@@@@ (4 out of 5)
Ken Auletta monitors the media for the New Yorker magazine, and his writing frequently brings new perspective our understanding of the changes that are upending the world’s information sources at an alarming rate. “Googled” brings us face to face with several of the remarkable individuals who are reshaping the media — in ways that are little understood outside of the field. Focusing on Sergey Brin and Larry Page, the two Stanford computer wizards who launched Google barely more than a decade ago, and on several of their key colleagues, notably Eric Schmidt, the company’s CEO, Auletta takes us behind the scenes at this extraordinary company. Read this book, and you’ll understand why Google’s stock price stays in the stratosphere, why media executives from newspapers to films to television are terrified by the company — and why the Chinese government recently felt it necessary to rein it in.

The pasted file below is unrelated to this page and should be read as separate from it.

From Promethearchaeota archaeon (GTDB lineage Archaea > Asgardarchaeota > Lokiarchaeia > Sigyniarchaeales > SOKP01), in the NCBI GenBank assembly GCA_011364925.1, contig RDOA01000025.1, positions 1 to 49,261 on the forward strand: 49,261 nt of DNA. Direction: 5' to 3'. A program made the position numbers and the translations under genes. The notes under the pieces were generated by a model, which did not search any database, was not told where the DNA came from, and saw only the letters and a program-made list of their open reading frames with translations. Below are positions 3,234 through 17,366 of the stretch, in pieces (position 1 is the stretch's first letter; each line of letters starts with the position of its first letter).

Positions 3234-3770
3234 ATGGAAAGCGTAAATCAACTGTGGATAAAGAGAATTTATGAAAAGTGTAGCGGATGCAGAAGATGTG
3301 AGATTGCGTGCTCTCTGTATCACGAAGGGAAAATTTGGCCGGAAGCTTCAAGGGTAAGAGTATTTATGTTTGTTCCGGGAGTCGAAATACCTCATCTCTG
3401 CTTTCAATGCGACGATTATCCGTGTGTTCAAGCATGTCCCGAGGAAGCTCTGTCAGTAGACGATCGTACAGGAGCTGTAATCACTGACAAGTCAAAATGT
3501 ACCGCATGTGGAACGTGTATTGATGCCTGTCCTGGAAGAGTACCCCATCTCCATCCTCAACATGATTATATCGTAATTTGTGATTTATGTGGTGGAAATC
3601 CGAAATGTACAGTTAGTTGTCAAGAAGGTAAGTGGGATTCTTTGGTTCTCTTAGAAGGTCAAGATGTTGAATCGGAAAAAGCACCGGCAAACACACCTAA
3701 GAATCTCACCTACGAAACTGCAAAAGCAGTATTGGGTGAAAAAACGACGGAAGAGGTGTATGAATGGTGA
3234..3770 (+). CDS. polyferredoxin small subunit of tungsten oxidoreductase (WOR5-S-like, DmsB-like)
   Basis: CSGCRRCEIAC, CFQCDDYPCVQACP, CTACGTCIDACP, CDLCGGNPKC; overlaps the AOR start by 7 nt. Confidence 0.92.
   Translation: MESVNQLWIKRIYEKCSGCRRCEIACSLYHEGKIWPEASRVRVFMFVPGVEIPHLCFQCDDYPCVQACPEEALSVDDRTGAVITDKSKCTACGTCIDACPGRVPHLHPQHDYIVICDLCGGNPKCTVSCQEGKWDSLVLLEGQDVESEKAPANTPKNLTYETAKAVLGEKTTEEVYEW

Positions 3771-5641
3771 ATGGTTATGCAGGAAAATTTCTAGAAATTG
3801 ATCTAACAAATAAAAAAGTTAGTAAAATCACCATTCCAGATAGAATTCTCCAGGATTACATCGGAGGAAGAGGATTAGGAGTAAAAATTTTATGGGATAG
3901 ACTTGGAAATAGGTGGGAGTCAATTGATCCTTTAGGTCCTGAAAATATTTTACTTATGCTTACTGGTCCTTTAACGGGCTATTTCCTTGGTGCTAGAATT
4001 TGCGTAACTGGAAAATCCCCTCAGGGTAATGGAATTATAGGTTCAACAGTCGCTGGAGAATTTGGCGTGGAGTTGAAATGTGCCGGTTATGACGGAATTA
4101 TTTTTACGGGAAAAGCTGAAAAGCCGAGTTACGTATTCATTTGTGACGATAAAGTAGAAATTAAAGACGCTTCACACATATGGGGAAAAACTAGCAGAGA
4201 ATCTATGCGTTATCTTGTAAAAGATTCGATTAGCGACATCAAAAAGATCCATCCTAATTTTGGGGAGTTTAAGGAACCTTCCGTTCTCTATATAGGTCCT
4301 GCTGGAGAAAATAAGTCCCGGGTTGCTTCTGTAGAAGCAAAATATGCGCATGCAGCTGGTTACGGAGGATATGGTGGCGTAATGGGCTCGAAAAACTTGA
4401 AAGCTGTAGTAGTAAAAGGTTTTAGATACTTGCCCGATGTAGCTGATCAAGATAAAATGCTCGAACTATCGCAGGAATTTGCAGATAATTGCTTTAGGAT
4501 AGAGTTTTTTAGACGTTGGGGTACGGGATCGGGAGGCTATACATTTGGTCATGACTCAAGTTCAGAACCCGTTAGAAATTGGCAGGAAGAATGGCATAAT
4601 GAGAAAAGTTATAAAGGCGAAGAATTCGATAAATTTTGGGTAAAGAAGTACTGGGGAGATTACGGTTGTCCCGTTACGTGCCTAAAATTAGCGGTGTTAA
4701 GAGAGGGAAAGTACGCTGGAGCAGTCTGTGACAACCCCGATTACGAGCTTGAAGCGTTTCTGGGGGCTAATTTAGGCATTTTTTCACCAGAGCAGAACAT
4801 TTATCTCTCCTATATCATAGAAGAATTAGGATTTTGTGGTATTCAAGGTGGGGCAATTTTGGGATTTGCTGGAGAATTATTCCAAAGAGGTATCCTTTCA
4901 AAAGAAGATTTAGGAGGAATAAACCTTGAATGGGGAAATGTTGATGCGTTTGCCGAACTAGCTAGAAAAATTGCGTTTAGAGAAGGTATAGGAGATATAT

Like any good book, “Googled” puts its subject matter in perspective. We learn, for example, that despite the proliferation of familiar products from Google, nearly all its revenue comes from a single source: online advertising. And we come to understand that the reasons Google is able to maintain such a stranglehold on online advertising are straightforward: they had the presence of mind to buy the leading online advertising agency early enough in the game to get away with it, and they are amassing a gargantuan storehouse of consumer data that may be unmatchable by anyone else. This book is well worth reading.